SCOTTSDALE, Ariz. —
“I do. That’s what makes it fun,” English said. “If you don’t feel like you can pull off those shots, then you really shouldn’t be out here. That’s what you practice and play for, to see a shot and do it. If you don’t pull it off, so be it. But at least you tried and gave it 100 percent effort.”
His effort is showing in the numbers, but also as he joins the players he grew up watching. They are now peers in the ranks for this former Thomasville resident.
“I’m getting more and more comfortable playing with guys like Lee Westwood and Brandt Snedeker, guys I idolized growing up. Yet here I am, playing right next to them and competing with them.”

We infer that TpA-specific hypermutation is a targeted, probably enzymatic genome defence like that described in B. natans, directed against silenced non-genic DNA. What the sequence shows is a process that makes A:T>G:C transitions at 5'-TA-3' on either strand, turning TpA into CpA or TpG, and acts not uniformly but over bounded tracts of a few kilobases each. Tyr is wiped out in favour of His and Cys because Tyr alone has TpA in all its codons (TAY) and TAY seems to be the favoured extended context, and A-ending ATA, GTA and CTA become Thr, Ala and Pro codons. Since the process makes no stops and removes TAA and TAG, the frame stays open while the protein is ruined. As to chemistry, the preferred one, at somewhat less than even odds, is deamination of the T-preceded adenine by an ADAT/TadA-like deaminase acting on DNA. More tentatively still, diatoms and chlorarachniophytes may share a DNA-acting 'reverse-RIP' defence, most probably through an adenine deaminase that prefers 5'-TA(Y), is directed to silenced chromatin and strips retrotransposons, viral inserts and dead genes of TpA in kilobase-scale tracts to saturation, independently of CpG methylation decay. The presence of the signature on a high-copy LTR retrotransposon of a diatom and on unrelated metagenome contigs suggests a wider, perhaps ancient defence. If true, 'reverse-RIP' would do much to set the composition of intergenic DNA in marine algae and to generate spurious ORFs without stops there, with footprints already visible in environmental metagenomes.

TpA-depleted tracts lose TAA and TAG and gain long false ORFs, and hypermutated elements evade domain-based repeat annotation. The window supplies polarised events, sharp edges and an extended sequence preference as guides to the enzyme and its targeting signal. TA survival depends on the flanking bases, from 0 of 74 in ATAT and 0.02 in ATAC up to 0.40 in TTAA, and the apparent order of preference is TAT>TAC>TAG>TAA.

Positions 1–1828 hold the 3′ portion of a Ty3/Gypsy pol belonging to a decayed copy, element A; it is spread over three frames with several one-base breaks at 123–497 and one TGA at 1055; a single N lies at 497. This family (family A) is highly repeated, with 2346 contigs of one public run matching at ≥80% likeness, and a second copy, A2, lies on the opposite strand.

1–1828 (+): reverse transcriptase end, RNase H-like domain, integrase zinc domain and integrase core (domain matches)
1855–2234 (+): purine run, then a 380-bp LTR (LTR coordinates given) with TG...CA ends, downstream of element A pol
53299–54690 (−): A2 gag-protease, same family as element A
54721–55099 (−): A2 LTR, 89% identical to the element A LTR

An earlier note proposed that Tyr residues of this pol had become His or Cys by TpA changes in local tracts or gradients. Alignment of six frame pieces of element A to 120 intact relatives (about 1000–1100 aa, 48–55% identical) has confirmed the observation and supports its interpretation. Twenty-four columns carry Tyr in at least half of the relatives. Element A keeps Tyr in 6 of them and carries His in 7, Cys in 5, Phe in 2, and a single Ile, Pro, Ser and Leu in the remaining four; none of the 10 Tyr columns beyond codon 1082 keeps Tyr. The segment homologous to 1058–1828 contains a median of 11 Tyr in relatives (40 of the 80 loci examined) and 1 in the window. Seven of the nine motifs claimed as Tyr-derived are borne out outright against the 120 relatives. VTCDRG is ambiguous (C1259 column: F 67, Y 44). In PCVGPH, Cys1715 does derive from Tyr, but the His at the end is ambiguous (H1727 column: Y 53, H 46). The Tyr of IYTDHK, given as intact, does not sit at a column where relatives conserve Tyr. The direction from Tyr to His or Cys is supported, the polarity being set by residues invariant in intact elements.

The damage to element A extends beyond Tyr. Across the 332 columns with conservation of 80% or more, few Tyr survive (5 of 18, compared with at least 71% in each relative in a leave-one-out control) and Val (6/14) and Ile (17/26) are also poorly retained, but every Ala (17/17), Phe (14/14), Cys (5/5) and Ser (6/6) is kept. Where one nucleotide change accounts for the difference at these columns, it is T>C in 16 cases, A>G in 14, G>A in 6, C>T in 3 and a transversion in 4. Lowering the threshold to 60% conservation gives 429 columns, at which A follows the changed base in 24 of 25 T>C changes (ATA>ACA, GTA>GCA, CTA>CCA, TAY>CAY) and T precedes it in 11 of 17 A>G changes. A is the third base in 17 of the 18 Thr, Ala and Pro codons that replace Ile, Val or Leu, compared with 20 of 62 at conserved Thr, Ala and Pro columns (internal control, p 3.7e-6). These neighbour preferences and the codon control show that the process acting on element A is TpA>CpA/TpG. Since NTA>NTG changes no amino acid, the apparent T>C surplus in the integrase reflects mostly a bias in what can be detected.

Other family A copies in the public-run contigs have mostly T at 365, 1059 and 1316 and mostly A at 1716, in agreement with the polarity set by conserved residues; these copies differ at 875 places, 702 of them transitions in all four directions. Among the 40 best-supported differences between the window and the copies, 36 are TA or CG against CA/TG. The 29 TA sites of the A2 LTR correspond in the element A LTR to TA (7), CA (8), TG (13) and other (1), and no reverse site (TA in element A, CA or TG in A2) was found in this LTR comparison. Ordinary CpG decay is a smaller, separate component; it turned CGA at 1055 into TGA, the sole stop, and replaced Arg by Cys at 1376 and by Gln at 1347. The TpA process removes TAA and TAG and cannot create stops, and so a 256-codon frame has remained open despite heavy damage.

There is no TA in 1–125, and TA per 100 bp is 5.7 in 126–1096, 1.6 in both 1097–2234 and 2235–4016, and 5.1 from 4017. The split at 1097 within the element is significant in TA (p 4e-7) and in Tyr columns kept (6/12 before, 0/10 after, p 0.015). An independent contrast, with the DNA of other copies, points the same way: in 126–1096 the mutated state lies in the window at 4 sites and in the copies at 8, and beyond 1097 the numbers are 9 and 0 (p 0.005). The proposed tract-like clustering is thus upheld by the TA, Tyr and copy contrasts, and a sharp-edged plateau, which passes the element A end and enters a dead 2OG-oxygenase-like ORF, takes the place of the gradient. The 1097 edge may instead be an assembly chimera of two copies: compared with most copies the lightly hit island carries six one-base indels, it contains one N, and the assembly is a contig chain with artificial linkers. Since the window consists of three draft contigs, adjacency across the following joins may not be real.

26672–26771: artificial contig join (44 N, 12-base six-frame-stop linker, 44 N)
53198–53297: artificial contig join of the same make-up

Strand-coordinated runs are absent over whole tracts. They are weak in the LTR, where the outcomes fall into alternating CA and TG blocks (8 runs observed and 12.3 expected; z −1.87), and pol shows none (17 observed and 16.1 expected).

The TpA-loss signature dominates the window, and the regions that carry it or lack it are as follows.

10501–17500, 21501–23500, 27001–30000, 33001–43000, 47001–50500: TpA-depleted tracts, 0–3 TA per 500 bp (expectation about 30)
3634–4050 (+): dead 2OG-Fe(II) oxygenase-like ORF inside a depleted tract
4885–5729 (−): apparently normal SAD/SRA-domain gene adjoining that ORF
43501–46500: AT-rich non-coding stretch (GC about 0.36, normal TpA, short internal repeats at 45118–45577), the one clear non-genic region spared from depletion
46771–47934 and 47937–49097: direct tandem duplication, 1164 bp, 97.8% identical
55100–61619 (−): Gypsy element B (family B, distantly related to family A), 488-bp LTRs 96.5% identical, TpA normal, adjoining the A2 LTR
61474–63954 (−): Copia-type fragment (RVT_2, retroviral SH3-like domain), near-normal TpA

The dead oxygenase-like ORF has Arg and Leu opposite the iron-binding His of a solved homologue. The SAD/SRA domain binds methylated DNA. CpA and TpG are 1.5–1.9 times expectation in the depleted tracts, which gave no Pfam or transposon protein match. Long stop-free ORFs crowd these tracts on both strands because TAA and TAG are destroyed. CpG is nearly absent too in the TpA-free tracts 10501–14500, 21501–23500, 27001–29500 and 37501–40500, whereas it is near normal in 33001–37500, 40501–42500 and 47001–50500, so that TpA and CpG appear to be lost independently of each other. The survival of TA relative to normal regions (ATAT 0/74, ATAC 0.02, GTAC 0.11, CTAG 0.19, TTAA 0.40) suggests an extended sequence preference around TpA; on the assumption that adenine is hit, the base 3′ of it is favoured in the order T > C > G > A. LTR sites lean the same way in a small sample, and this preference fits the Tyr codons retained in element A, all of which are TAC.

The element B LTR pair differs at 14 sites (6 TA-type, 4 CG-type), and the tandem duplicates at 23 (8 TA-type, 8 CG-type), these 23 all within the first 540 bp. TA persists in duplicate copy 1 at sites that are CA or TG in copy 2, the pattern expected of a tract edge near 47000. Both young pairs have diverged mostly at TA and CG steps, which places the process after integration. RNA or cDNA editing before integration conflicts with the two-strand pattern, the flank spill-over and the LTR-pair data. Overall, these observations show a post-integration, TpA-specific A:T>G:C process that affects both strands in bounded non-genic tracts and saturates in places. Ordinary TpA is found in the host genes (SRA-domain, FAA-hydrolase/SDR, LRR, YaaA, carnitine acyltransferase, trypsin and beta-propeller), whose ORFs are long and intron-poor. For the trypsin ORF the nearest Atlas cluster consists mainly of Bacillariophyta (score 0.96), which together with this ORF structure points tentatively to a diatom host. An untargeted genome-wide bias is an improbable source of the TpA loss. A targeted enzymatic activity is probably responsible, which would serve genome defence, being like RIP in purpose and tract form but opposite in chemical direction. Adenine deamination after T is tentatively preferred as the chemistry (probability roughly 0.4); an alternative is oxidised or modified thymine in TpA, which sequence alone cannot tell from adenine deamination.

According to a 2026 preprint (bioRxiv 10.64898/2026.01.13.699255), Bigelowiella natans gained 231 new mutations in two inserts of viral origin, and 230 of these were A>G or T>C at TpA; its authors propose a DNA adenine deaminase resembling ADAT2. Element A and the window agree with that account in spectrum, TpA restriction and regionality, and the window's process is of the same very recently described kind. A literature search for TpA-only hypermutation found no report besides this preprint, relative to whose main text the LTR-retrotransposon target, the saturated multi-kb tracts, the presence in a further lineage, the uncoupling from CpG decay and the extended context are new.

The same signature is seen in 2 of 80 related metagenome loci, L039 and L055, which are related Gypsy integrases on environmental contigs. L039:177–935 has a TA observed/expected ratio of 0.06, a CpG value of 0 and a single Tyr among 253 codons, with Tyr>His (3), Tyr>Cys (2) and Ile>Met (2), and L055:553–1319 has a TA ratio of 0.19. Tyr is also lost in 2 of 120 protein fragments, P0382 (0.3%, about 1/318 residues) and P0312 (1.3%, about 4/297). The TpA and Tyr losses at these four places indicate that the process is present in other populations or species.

As a rookie in 2012, his tie for 15th finish at this event proved to be the biggest check of his career at $100,650 until mid April at the RBC Heritage.
English has learned much since those days.
He said, “My rookie year, I knew I could play out here, but I didn’t really know and I wasn’t very comfortable on the weekends with all the crowds and cameras — and it’s just getting more and more comfortable and zoned in and knowing the player I am.”
English’s brother Bowen, 28, is at the event for the second straight year. He sees a vast change in Harris’ confidence since his debut here.
“Obviously, the confidence is a funny thing. He’s got it now and he knows how to compete week in and week out, and it’s doing a lot for him,” Bowen said